The memorial, for the most part, was very touching. I say for the most part, because it had a dark religious undertone. The words chosen by the clergy had hints of "God or else" in them, and we all had to sing a hymn called, and I swear I am not making this up, "I am the Bread of Life." Now, I realize that's something Jesus has been quoted as saying, but the hymn was very disturbing, especially for a memorial to a dead child. This phrase literally made me stop in mid-song, "Unless you eat of the flesh of the son of man / And drink of His blood, and drink of His blood, you cannot have life within you..." Holy crap! My stomach revulsed at this line, like I had been asked to quote some ancient curse to allow my soul to become part of a vampire cult. What the hell? I mouthed the rest of the words, and did NOT say "Amen" after anything after that. It was too disturbing for me. Then there came the famous Psalm 23, "The Lord is my Shepherd," one. I am okay with this, although in the back of my head there's a voice that goes, "You KNOW what shepherds keep sheep for, don't you? Meat, wool, milk, and... when they get lonely..." But then the preacher went on and on with the sheep comparison thing, and part of me wanted to shout out, "Look out, his Lordship only keeps us because he sustains from our meat and skin! He is merely a wolf with a rod and staff!" But I didn't. I just closed my eyes, and tried to think of something technical. But most of the service was from the grandparents, with touching and loving testimony, and while it was sad, all of them had really good things to say in the face of their personal tragedy.
Afterwards, there was food. I hadn't eaten all day, but all they had were cakes, cookies, pies, and a small platter of deli meat. Because of the touching, heart wrenching, testimony of the grandparents, I don't think many people felt like eating. But I had to, or otherwise, I felt I would fall down and pass out. While the food was tasteless and generic, that wasn't the point. They had a lovely memorial table towards their daughter, with pictures of her in the Intensive care unit, and prints of her teeny, teeny hands and feet in clay. The step-grandfather had made this great speech that "celebrated the short life she had," and made a comment that he wasn't going to "girly girl" her when she got older, but teacher her football and motorcycles. Among the memorial was a small football jersey with Jane's name on it. That was a nice touch.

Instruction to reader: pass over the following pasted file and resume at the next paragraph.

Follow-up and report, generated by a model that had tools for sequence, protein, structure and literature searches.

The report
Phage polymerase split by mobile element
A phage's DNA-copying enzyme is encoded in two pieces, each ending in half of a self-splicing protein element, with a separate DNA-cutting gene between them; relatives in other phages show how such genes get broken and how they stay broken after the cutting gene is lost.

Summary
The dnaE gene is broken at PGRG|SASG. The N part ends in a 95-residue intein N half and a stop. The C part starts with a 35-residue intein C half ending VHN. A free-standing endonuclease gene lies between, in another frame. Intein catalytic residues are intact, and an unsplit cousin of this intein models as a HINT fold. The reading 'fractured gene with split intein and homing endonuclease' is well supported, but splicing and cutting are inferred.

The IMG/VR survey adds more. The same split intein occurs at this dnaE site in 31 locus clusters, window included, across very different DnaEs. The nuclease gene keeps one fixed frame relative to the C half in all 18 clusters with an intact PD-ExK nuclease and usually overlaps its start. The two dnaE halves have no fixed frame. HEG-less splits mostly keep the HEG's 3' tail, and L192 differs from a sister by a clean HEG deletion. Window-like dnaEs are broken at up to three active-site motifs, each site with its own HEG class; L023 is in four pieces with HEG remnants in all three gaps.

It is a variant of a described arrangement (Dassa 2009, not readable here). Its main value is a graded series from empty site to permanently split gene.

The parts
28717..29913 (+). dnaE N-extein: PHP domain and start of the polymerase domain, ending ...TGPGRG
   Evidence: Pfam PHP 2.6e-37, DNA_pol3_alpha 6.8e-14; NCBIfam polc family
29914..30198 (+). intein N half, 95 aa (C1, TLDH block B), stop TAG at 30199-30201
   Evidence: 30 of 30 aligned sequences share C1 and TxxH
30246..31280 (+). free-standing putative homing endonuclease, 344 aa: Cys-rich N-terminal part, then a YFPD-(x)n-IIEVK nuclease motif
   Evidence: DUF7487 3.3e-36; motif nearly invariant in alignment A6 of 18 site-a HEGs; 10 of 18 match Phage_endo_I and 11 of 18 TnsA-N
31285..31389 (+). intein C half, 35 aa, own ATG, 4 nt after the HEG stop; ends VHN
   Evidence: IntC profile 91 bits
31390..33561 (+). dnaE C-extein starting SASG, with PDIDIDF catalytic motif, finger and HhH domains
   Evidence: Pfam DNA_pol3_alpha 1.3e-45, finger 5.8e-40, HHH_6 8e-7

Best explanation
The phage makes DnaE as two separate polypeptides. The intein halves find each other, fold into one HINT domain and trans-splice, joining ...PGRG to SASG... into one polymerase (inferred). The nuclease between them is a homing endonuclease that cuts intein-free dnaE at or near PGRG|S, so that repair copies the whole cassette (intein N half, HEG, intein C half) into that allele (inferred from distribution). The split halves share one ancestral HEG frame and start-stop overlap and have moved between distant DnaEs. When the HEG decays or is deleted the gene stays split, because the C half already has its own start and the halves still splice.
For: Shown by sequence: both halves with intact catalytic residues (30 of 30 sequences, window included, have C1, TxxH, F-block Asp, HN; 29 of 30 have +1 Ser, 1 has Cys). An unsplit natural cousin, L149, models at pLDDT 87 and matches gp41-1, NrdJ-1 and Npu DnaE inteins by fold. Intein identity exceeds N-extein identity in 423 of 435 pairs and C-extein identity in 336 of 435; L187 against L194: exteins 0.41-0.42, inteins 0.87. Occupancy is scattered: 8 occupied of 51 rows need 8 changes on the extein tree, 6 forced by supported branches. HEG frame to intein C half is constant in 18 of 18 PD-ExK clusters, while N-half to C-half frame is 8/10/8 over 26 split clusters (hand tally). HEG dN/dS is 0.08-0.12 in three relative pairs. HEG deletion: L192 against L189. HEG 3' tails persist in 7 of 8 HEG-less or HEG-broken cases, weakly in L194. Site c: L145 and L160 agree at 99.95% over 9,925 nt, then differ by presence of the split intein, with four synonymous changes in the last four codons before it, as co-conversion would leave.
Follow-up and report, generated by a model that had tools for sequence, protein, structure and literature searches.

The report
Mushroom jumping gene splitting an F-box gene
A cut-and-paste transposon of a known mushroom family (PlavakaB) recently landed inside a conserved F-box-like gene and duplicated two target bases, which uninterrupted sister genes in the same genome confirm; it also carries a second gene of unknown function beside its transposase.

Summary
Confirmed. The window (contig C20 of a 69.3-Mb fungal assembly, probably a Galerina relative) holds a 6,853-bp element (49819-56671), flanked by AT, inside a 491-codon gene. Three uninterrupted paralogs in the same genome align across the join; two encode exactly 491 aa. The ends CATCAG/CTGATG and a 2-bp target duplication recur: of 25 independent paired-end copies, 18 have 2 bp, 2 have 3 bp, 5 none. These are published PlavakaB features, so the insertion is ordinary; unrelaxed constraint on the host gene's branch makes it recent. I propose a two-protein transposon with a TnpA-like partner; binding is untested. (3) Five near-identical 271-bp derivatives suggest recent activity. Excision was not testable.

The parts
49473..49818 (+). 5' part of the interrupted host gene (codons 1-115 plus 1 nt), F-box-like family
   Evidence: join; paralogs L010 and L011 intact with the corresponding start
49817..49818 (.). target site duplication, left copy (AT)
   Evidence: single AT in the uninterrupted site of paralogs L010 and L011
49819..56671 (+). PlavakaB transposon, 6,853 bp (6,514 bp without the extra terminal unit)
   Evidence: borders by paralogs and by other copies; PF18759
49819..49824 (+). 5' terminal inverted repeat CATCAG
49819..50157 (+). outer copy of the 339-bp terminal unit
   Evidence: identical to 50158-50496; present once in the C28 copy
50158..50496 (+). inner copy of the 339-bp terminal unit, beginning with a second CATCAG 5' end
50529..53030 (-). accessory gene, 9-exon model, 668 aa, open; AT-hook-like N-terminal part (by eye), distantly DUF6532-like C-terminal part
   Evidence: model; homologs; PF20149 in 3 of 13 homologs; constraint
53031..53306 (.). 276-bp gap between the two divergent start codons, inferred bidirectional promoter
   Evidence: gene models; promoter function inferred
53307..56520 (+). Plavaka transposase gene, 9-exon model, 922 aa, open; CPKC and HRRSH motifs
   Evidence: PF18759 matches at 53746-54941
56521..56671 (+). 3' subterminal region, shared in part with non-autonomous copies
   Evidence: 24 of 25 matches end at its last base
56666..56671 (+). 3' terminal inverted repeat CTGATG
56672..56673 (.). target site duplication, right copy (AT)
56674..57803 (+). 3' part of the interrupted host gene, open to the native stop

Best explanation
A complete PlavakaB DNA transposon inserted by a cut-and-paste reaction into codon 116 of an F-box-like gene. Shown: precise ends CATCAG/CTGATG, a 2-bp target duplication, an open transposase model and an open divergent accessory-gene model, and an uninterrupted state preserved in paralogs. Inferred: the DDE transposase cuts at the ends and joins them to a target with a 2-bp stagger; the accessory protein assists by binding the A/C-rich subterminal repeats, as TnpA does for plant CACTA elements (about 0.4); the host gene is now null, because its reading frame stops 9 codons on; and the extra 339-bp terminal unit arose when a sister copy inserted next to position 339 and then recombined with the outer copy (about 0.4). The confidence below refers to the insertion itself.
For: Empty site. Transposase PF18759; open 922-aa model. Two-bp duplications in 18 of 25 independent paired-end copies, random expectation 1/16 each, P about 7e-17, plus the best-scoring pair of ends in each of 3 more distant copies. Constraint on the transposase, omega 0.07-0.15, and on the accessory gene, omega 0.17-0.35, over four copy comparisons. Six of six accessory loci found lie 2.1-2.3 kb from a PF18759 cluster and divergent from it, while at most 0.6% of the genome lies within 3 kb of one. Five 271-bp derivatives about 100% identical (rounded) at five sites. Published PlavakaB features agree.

A LOT of people from work were there. Which just punctuated the end of a strange sentence of an experience, because here we were, in a room full of people, all hobnobbing, schmoozing, and talking about dialers, servers, and company goals. At a memorial service.
It was so... weird. Being at a memorial service for someone's daughter I barely knew. Who all had really odd names. That I only had two hours notice I was going to before I was there. In a church that made me uncomfortable. Arthur was very grateful I had come, and we shook hands a lot. So it was a good thing I went, but I felt really bad that I hadn't prepared or been "better in tune" with the situation. To add to this, it brought back uncomfortable memories of Brenda's death a year ago, the fact that my son almost died when he was born, and my own mother's funeral. Oh, and for reasons I won't go into now, I have always felt VERY uncomfortable in churches.
Well, anyway, here's to you, Jane Dragonsnake. Your life was short and sweet, and I hope your next life is longer, but you have the same kind relatives that I met today.
This entry was originally posted at http://www.punkwalrus.com/blog/archives/00000370.html